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Conducting a retrospective cohort to evaluate the accuracy of a real-time multiple logistic regression tool for predicting the likelihood of patient readmission

Hayes, Cory (2019) Conducting a retrospective cohort to evaluate the accuracy of a real-time multiple logistic regression tool for predicting the likelihood of patient readmission. Master's Thesis, University of Pittsburgh. (Unpublished)

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Hospital readmissions have a great deal of public health significance, as they are burdensome and costly to providers, hospitals, and patients. The quality-of-care provided by hospitals is evaluated by comparing hospital readmission rates to national averages. Underperforming hospitals are penalized by the Centers for Medicare & Medicaid Services (CMS). In 2018, 2,597 hospitals are being penalized a total of $564 million. Published studies have demonstrated a multitude of approaches that were successful in reducing readmission rates, but they are too expensive for systemic implementation within a hospital. The University of Pittsburgh Medical Center (UPMC) Mercy Hospital Clinical Analytics team has constructed a multiple logistic regression prediction model that scores patient risk factors in order to flag high risk patients who are most likely to experience readmission.
Primarily, this study aims to evaluate the accuracy with which the UPMC Mercy multiple logistic regression model correctly predicts readmission risk in a clinical application. Once validated, it is our secondary aim to initiate a discharge intervention specifically for patients who are flagged by the model.
The predictive logistic regression tool has been in use for slightly over one year at UPMC Mercy; daily reports score patients as ‘lowest’, ‘lower’, ‘medium’, ‘higher’, or ‘highest’ risk for readmission. Based on sample size calculations, about 200 individuals per predicted risk group were retrospectively recruited and followed for the next month in order measure readmission status over 7 days and 30 days. Chi-Square testing for independence and stratified one-sample proportion testing allowed for validation of the model’s accuracy.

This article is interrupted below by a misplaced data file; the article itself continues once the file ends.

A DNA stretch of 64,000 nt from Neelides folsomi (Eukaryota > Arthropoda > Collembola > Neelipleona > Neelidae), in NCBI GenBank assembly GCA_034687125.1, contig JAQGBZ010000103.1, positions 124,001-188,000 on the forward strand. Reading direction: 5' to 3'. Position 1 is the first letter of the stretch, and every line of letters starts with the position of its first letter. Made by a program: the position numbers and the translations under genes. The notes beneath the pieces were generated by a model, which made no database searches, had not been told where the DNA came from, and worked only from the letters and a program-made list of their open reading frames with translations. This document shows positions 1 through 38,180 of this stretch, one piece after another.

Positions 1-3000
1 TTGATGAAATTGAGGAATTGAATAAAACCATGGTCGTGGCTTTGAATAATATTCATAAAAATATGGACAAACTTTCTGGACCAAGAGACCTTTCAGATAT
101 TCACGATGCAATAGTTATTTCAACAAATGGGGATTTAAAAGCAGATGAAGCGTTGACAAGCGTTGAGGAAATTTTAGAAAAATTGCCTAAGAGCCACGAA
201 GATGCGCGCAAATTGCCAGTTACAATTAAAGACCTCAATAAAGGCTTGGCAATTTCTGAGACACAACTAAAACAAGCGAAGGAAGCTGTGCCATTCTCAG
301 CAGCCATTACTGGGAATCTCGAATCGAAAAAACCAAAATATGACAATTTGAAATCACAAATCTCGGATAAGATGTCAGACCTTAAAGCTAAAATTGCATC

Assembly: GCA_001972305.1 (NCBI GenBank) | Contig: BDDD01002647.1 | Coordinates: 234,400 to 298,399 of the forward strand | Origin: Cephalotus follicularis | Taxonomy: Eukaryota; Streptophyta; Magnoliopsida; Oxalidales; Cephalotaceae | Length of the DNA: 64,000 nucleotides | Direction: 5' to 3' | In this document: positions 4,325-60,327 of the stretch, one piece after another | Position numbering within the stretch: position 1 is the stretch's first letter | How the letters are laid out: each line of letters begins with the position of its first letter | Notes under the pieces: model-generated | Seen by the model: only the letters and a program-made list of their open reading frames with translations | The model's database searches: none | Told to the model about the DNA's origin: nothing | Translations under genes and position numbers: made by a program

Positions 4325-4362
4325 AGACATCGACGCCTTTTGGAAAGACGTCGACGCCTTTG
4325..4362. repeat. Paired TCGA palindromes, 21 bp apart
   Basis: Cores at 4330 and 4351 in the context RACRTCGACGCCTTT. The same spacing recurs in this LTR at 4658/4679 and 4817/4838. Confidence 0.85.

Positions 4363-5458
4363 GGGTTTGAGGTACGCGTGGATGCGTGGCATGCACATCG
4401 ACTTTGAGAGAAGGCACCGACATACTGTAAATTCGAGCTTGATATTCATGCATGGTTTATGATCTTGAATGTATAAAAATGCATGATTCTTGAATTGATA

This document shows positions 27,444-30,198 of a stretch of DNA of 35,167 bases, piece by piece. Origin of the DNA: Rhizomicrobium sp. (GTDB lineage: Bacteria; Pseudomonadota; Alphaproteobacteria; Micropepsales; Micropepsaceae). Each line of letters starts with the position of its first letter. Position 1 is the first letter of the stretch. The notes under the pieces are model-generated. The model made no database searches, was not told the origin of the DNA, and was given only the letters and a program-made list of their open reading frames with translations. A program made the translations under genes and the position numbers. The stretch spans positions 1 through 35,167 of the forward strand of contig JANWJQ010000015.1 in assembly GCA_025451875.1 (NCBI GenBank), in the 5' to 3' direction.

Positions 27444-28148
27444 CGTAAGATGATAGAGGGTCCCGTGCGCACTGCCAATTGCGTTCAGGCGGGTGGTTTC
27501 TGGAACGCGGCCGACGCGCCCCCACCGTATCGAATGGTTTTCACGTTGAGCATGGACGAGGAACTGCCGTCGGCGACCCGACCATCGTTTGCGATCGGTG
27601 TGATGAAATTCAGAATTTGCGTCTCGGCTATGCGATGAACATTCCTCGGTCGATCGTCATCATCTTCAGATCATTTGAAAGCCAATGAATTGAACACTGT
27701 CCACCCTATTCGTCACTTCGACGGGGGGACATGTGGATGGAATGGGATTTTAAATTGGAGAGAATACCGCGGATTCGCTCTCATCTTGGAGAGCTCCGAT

Chi-square testing of independence demonstrated that not all risk quintiles had distinct mean readmission rates, contrary to our hypothesis. One-sample proportion testing further illustrated the poor fit for predicting 7-day readmission, with only 1/5 risk groups following expected mean rates of readmission. However, one-sample proportion analysis for 30-day readmission prediction resulted in 3/5 of the risk strata exhibiting similar mean rates of readmission as was expected, as well as a clinically relevant increasing trend across risk strata.
This multiple logistic regression model is not an accurate predictor of 7-day readmission. However, it appears that the model could be clinically relevant for predicting 30-day readmissions. The ‘highest’ risk strata displayed 36% 30-day readmission, which is 16-18% higher than the national average 30-day readmission rate. Though the model could benefit from optimization, it likely could be utilized in its current state to target high risk groups for 30-day readmission rather reliably.


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Item Type: University of Pittsburgh ETD
Status: Unpublished
CreatorsEmailPitt UsernameORCID
Hayes, Corycfh10@pitt.educfh10
ETD Committee:
TitleMemberEmail AddressPitt UsernameORCID
Committee ChairMartinson,
Committee MemberYassin,
Committee MemberHaggerty,
Date: 30 January 2019
Date Type: Publication
Defense Date: 12 December 2018
Approval Date: 30 January 2019
Submission Date: 15 December 2018
Access Restriction: No restriction; Release the ETD for access worldwide immediately.
Number of Pages: 62
Institution: University of Pittsburgh
Schools and Programs: School of Public Health > Infectious Diseases and Microbiology
Degree: MPH - Master of Public Health
Thesis Type: Master's Thesis
Refereed: Yes
Uncontrolled Keywords: readmission, HRRP, ACA, readmissions reductions, CMS, pay-for-performance, P4P
Date Deposited: 30 Jan 2019 17:37
Last Modified: 30 Jan 2019 17:37


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